The already rapid pace of digitisation in banking has accelerated under Covid’s impact. Digital has become the default mode for most people to engage with their financial services provider and transact. In 2020, nearly three-quarters of UK banking customers regularly used digital channels1 and more than a quarter have an account with a digital-only bank2. This trend is expected to continue. Therefore, for future success, incumbent banks need to ensure that their strategy is digital at its heart.
There are three key elements of success for a bank, as indeed any other business. First, understand customer needs and how they are likely to change. Second, be creative with ideas for solutions which meet those needs better than others in the market. Third, be able to quickly execute on those ideas. The challenge for incumbent banks in today’s market is that the bar for the second and third elements has been reset significantly higher by the rise of neobanks, fintech firms, and big technology companies. They have changed customer expectations through creative solutions across the entire journey. Moreover, using Agile development approaches aided by new technology, they have launched a steady stream of new solutions and features. This has exposed the comparatively slow execution speed of incumbents who have largely played catch-up.
To win in a highly competitive market, incumbents need to improve on each of the three elements.
Incumbents should start with their core strength of understanding customers and their needs. The richness of data and the expertise built over decades is a competitive advantage. However, data needs to be turned into usable insight. Therefore banks need to create data and analytics capability which can underpin personalised engagement and tailored propositions. They should also use it to increase efficiency through improvements in internal processes, which reduce errors and failure demand. This will provide an additional competitive advantage.
"The challenge for incumbent banks in today’s market is that the bar for the second and third elements has been reset significantly higher by the rise of neobanks, fintech firms, and big technology companies"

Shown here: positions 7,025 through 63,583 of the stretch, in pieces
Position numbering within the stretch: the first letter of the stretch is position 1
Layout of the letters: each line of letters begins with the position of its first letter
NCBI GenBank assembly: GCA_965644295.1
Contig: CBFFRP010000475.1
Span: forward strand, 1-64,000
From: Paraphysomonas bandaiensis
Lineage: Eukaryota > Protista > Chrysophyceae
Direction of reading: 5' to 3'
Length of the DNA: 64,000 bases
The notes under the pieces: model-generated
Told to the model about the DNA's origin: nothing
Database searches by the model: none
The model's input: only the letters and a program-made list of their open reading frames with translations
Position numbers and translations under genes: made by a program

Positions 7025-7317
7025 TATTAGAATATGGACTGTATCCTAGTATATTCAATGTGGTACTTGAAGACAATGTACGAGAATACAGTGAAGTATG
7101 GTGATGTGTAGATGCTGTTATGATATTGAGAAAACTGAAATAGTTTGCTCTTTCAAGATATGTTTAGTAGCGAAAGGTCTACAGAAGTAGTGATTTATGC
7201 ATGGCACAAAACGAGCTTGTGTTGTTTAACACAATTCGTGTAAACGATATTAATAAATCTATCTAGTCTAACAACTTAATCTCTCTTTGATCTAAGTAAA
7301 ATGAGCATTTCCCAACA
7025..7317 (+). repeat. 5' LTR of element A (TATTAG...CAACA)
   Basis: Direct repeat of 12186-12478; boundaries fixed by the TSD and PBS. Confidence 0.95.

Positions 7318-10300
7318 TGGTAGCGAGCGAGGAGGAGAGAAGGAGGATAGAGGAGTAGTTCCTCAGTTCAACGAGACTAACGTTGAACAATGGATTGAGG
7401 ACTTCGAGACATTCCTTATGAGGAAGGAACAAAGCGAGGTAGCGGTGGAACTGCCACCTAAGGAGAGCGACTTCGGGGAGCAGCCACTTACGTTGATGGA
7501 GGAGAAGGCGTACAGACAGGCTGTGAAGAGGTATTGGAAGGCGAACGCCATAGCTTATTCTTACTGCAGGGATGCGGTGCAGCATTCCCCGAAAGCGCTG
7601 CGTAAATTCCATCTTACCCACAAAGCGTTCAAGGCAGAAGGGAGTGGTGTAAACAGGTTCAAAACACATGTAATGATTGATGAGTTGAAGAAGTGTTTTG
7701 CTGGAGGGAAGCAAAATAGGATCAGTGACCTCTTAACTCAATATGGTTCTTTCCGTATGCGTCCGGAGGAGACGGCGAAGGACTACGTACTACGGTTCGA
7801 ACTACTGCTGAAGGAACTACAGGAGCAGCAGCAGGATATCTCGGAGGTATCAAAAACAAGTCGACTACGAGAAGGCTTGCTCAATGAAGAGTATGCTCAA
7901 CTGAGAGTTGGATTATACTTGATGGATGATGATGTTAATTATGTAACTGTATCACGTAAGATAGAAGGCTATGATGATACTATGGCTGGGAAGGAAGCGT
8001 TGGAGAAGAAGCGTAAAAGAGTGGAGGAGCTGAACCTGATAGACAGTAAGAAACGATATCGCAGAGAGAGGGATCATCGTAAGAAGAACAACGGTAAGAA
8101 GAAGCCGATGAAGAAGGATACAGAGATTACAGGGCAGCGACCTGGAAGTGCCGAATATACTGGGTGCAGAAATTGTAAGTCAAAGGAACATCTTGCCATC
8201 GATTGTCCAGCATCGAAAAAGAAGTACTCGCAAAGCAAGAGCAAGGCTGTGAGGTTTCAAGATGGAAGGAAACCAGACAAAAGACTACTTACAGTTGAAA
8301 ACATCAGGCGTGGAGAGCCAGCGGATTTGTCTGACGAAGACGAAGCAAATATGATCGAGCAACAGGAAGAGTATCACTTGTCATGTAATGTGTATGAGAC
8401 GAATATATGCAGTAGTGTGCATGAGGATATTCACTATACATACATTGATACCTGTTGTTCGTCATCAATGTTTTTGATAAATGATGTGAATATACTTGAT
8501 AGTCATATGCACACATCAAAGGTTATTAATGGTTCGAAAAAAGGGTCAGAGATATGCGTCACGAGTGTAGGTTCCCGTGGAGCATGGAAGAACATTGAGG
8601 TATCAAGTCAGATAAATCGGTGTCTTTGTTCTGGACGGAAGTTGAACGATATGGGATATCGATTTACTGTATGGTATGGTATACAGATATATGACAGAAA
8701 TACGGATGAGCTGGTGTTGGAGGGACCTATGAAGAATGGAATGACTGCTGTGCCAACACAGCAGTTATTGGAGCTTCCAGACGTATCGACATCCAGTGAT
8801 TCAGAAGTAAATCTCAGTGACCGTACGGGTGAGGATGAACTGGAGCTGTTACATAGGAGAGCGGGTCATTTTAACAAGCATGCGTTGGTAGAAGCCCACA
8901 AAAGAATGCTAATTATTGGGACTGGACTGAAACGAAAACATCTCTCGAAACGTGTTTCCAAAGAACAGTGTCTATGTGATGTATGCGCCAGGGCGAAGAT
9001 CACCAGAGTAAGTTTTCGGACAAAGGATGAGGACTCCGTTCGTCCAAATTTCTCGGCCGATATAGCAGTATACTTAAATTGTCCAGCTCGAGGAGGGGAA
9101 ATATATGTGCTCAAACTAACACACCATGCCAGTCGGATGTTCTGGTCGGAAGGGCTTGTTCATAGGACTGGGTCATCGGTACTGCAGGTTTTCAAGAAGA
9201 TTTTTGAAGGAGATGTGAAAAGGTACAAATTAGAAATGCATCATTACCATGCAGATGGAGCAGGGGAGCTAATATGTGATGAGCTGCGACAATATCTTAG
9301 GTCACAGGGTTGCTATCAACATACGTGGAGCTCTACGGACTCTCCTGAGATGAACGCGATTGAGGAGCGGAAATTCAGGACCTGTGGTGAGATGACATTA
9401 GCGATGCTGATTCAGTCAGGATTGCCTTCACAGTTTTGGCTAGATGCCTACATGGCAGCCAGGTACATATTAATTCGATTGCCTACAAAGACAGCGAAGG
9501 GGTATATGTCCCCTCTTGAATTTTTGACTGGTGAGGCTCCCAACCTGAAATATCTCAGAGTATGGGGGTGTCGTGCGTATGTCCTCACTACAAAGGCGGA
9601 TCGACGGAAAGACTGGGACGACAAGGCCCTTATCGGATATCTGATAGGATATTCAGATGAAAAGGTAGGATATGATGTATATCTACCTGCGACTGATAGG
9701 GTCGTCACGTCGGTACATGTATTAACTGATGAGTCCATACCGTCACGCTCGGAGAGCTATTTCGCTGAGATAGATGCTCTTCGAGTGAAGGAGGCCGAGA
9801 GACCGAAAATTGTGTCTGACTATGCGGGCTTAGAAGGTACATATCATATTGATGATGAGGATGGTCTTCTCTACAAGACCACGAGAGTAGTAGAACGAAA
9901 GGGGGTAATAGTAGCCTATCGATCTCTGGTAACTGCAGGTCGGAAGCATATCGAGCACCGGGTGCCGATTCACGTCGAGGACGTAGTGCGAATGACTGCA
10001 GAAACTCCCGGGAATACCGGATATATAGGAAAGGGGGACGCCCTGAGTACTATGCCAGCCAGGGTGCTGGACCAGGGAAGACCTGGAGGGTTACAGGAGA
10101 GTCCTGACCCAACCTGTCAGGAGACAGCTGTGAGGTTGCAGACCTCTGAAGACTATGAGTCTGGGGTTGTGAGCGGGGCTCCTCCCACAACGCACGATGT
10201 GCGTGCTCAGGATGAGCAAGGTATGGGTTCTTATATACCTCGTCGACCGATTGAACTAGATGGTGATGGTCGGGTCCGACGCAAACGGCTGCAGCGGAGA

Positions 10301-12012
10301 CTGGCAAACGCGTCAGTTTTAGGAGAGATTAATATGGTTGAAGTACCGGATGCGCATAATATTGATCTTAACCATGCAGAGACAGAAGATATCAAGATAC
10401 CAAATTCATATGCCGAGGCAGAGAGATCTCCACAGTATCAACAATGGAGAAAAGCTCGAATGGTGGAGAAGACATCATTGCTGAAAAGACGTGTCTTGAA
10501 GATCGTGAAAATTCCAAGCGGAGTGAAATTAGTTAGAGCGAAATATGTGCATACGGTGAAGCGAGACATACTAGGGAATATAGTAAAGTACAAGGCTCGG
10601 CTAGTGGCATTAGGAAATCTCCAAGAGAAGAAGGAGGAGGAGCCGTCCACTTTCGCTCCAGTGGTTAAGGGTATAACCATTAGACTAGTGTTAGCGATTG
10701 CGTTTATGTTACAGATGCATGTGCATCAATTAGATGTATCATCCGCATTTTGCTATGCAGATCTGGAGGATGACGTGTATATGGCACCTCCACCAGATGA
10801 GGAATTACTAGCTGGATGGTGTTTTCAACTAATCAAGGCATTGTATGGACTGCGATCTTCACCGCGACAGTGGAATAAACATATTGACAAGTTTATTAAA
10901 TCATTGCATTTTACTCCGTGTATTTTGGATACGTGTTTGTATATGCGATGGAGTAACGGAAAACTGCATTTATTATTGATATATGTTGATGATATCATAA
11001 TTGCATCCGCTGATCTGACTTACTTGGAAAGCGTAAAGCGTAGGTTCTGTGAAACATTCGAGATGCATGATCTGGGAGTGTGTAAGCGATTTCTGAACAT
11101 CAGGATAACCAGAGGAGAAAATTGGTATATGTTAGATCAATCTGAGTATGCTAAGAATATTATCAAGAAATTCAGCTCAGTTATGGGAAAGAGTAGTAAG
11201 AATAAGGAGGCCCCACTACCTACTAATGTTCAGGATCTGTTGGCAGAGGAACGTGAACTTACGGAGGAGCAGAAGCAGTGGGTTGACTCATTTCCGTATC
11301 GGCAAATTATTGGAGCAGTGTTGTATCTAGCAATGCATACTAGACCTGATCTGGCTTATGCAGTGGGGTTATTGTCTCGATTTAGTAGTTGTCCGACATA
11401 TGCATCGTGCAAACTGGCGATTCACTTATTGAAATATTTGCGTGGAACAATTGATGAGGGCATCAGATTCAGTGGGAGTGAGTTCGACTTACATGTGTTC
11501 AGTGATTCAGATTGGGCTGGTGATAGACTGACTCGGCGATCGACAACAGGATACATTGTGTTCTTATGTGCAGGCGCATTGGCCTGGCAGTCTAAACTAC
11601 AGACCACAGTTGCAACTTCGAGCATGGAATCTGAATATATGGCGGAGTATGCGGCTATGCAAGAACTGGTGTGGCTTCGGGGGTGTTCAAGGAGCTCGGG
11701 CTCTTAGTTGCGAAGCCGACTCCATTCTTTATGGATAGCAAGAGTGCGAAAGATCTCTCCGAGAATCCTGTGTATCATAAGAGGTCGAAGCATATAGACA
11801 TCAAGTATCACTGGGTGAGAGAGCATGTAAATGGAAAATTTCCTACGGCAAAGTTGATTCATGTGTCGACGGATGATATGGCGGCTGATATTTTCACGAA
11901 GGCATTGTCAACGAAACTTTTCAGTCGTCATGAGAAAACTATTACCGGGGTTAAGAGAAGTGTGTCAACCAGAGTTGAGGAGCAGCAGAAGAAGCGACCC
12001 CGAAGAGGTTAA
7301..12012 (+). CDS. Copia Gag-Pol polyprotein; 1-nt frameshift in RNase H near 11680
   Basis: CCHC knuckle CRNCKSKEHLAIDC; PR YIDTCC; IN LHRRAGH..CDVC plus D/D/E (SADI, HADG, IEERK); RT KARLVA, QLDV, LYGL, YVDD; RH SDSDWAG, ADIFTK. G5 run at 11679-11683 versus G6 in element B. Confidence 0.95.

Globally, almost all incumbents have invested significantly in data and analytics, but only a few have truly succeeded in creating value for both customers and shareholders. The key is to simultaneously solve for business value, technical capability and culture. Expensive mistakes are usually when firms focus on a subset. For example, investing in fixing data quality and infrastructure without adequate focus on use cases which generate value or business MVPs which cannot subsequently scale because underlying data issues haven’t been fixed.
Next, incumbents need to build on the understanding gleaned through data and get creative with how they engage and fulfil customer needs. Led by their experiences outside of financial services, customers expect personalisation, convenience and instant need fulfilment. A great app and end-to-end digital journeys are sine qua non. In addition, banks need to be able to connect with customers at a time and place of their choosing via APIs. Embedded finance, platform/ecosystem models such as marketplaces, are rapidly gaining traction and likely to become an important origination channel. The growth of ‘buy-now-pay-later’ as a payment and credit solution embedded within e-commerce sites demonstrates the trend. This was the fastest growing online payment method in 2020 and expected to grow at 29 percent CAGR 3
Last, incumbents need to match the agility of neobanks and fintech firms to develop and deploy propositions. This is arguably the hardest challenge given their legacy technology estate ,which constrains the pace of change and an entrenched bureaucratic culture that slows decision making. Many banks have focused on solving the former by re-platforming and moving to a cloud-based stack which allows them to fully utilise the potential of Agile and DevOps. Culture has been a harder nut to crack. While governance and control are essential in banking, given the industry’s externalities, there is a need to question many of the existing ways of doing things and recreate processes to be as efficient as possible without compromising on effectiveness. This requires a push from the top and role modelling behaviours which foster decision-making independence (within guardrails), experimentation and constant improvement. Covid has already helped force some of these changes. The task now is to embed the progress made and extend it further.
Incumbent banks have the experience, expertise and investment capability to respond strongly across all three strategic elements. This requires a coherent strategy that allows them to transition from their existing model, where digital capability is viewed as an enabler, to a model where digital capability is a differentiator.